Big capital gains tax changes in store for second home owners in France
In France, no capital gains tax is paid on the sale of a primary residence. However for second homeowners big changes are looming.
For all secondary residence or investment properties sold after February 1, 2012, the schedule for reductions in capital gains tax for owners who have held property for a certain number of years will drastically change. Currently, the tax is reduced 10% per year for ownership between 5 and 15 years, with no capital gains tax owing after a property has been held for 15 years.
The new schedule will be:
- No allowance for the first five years of ownership.
- Between six and seventeen years of ownership: 2% allowance per year.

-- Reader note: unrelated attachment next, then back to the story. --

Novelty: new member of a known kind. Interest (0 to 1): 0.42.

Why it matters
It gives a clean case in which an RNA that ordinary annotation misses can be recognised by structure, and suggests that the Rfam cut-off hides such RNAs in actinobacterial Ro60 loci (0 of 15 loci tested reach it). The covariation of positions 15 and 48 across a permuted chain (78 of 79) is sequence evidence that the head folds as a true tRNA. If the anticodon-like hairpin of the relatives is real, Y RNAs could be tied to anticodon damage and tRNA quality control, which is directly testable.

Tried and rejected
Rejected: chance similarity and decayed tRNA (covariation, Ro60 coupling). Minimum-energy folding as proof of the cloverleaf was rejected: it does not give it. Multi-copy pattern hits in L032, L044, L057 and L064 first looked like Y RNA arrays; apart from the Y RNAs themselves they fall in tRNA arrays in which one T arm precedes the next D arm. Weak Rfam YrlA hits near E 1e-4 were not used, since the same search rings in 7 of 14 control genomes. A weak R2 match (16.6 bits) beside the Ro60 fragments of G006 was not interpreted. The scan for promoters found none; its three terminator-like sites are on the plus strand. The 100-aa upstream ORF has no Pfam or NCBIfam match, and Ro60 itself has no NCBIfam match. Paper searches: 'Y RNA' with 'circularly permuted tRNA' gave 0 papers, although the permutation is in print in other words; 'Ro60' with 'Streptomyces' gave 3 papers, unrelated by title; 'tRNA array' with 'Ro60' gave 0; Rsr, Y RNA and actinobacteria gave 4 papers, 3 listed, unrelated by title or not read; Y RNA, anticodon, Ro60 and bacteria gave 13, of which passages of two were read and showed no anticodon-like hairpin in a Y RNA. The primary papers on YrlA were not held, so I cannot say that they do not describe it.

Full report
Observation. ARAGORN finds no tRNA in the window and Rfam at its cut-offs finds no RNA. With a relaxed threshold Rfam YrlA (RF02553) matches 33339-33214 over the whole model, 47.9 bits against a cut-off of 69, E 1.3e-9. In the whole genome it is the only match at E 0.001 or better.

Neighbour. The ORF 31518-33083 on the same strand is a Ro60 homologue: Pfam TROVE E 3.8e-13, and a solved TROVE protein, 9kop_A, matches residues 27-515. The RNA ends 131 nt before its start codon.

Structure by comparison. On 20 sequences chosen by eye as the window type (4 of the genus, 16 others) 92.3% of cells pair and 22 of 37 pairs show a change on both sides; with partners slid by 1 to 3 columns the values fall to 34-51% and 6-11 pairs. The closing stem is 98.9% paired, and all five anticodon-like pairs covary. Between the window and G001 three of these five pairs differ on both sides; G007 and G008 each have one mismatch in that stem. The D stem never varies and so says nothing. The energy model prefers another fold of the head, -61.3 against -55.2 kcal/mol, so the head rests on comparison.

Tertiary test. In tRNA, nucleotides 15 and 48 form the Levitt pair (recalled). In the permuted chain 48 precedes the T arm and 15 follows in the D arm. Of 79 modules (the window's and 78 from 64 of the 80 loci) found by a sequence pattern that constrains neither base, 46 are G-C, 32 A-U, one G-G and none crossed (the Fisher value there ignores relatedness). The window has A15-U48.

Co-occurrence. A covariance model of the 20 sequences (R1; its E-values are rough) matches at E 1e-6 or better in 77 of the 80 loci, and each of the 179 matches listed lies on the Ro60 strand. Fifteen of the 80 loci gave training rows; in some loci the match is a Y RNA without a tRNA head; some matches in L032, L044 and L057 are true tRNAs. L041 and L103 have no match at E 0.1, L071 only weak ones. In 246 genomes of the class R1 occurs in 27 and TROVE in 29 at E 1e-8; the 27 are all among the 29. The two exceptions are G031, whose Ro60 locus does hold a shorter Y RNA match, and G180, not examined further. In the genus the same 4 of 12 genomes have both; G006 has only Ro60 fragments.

- Between eighteen and twenty-four years of ownership: 4% allowance per year.
- Between twenty-five and thirty years of ownership: 8% allowance per year.
What this essentially means is that at the end of 15 years ownership, instead of 100% exemption, under the new rules the allowance is 20%. Property will now need to be held for 30 years to be exempt from capital gains taxes.
The financial impact can be significant. Currently, capital gains rates are as follows:
- Non-EU residents: 33.33%
- EU residents: 19%
- French residents: 32.5%
The February 1st implementation date means that the deed of sale – the acte authentique – would need to be signed by January 31st. in order for a property to be grandfathered under the previous capital gains tax rates. This means that the purchase contract would need to be signed by November 30th at the latest, since it normally takes at least two to three months to complete a purchase agreement.
For more information on the capital gains situation and exemptions that may be available: